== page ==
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Trifecta of chronic pain, stress, and anxiety is impairing health

Treating patients with chronic pain on a daily basis, Hana Doustar, offers her expertise, approach, and advice to individuals living with chronic pain and anxiety, as well as combating stress.

The top three root causes of pain she sees firsthand?

1 – "Headaches from stress related to work (hours staring at computers)

2 – Injuries from car accidents

3 – Back pain from emotional ailments"

When asked what percentage of people she sees that have developed anxiety based on pain, she said, "well above 90%. With more acute conditions of pain, anxiety levels really vary from person to person, depending on their previous medical history of anxiety levels."

When you take that statistic and apply it on a global scale, upon taking a look around – most of us are co-existing with chronic pain and anxiety. Attention, acceptance, and tangible approaches to minimizing the impact on our physical, mental and emotional health cannot be more needed by the masses.

Each of our experiences, levels of pain (refer to the pain scale for a refresher), stressors, support systems, and details of our day-to-day lives vary.

As Doustar underscored, "Every person is very different physically and psychologically. How stress impacts one person's physical system can be significantly different than how stress can affect" others.

In her practice, her approach is "to get to know our patients emotionally and physically very well. Once we have conducted a thorough evaluation, we are able to locate areas in the body that are holding on to this stress."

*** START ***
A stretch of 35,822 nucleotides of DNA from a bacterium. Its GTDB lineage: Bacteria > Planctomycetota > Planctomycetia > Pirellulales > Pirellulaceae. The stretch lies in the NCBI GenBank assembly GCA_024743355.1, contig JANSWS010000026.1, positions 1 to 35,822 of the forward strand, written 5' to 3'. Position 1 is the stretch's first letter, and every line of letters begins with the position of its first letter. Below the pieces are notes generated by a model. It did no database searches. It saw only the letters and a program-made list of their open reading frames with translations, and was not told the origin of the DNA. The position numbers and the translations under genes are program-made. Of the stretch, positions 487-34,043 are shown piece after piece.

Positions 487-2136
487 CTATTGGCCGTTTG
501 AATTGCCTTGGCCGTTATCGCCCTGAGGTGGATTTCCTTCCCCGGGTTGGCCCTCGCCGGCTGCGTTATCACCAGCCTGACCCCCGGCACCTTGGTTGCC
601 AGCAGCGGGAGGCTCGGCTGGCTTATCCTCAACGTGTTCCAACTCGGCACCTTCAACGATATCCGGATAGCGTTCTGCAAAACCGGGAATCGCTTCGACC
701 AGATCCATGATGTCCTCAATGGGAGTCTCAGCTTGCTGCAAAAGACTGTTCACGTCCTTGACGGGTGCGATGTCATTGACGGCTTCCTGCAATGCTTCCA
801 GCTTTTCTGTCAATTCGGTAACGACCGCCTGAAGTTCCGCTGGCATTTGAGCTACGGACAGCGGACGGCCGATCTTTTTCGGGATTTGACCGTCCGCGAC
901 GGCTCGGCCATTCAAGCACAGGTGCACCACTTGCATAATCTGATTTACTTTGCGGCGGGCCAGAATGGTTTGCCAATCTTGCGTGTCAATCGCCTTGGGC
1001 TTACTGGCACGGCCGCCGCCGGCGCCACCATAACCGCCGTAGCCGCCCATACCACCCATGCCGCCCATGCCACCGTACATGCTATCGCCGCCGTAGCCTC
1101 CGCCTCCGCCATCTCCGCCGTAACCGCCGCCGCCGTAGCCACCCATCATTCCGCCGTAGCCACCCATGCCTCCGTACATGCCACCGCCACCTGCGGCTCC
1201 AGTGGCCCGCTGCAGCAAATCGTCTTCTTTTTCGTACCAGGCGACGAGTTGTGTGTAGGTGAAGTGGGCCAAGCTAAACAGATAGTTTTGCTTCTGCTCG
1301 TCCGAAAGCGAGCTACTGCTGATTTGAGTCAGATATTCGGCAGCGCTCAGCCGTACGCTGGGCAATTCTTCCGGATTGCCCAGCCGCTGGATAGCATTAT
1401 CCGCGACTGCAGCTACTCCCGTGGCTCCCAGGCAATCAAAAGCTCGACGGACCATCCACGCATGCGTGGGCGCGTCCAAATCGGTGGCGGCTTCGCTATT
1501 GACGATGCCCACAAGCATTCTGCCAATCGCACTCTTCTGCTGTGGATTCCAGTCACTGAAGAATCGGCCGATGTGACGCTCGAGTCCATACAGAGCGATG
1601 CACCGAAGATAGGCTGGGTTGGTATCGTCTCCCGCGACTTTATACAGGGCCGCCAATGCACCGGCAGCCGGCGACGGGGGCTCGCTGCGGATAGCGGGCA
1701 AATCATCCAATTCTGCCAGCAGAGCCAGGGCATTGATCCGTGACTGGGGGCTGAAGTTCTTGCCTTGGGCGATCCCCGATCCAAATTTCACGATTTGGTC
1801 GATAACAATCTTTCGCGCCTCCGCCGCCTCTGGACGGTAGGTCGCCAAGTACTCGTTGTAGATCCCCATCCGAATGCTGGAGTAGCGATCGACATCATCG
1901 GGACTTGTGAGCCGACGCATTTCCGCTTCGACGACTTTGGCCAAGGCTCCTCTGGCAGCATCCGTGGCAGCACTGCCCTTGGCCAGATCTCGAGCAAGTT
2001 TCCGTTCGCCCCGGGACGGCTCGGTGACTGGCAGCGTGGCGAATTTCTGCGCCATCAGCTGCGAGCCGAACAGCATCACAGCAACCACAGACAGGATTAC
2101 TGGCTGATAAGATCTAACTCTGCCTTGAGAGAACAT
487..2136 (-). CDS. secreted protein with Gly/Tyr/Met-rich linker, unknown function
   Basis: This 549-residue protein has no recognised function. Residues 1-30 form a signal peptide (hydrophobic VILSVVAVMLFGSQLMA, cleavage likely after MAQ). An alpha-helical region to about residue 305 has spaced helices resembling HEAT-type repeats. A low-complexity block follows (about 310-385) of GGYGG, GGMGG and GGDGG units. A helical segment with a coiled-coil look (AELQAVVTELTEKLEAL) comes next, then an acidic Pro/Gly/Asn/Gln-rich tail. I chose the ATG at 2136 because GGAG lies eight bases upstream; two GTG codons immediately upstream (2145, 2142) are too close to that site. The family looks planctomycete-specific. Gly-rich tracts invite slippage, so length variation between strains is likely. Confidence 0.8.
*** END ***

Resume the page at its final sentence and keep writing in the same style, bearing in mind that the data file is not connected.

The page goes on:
What are the two common areas that the human body holds stress?

Doustar states:

· Scalp

· Digestive tract

Acupuncture is one of the treatment options she employs. Through acupuncture, which "is a targeted approach to impact the local area where the stress is stored, and to also move it out through the body" Doustar "places needles in local and in 'mirrored' areas of the body."

Taking tension in the scalp as an example, "aside from needling the scalp where we feel tension, we also will needle the feet to draw the tension out. There are also general anxiety points like PC6, located slightly under the wrist that has been known to be effective in calming heart rate."

Another treatment option she sees positive results from is Myo-Fascial Release. This involves "gentle pressure on specific muscles to aid the tissue and supportive sheath in releasing tension, and blood stasis to increase mobility."*

When asked how much tension individuals with chronic pain and anxiety tend to carry around with them, she said, "The level of tension is hard to quantify but the trapezius, scalenes, rhomboids, levator scapulae seem to be highly affected." In layman's terms, these are areas supporting the neck and shoulders.

The impact on their daily lives is profound. Doustar explained that the range can include:

- A hard time getting adequate sleep

- Trouble focusing on anything when dealing with pain

- The inability to exercise, which in turn can lead to more pain as a result of weight gain

- Finding it difficult to keep a social life active when pain levels are high

Chronic pain is an epidemic. The statistics are gasp-worthy. As with many conditions that chronic pain tags along with, or is the main player, it is imperative to remind you that you are surrounded by many people in your community that deal and live with pain issues as well.

Let's focus on having more empathy for one another. We need each other.

If you have a health-related question that I can ask an expert, submit it at

Hana Doustar is founder and head clinician of the Clinic for Pain and Anxiety.

Shelby Ramsey is a health journalist and publisher of


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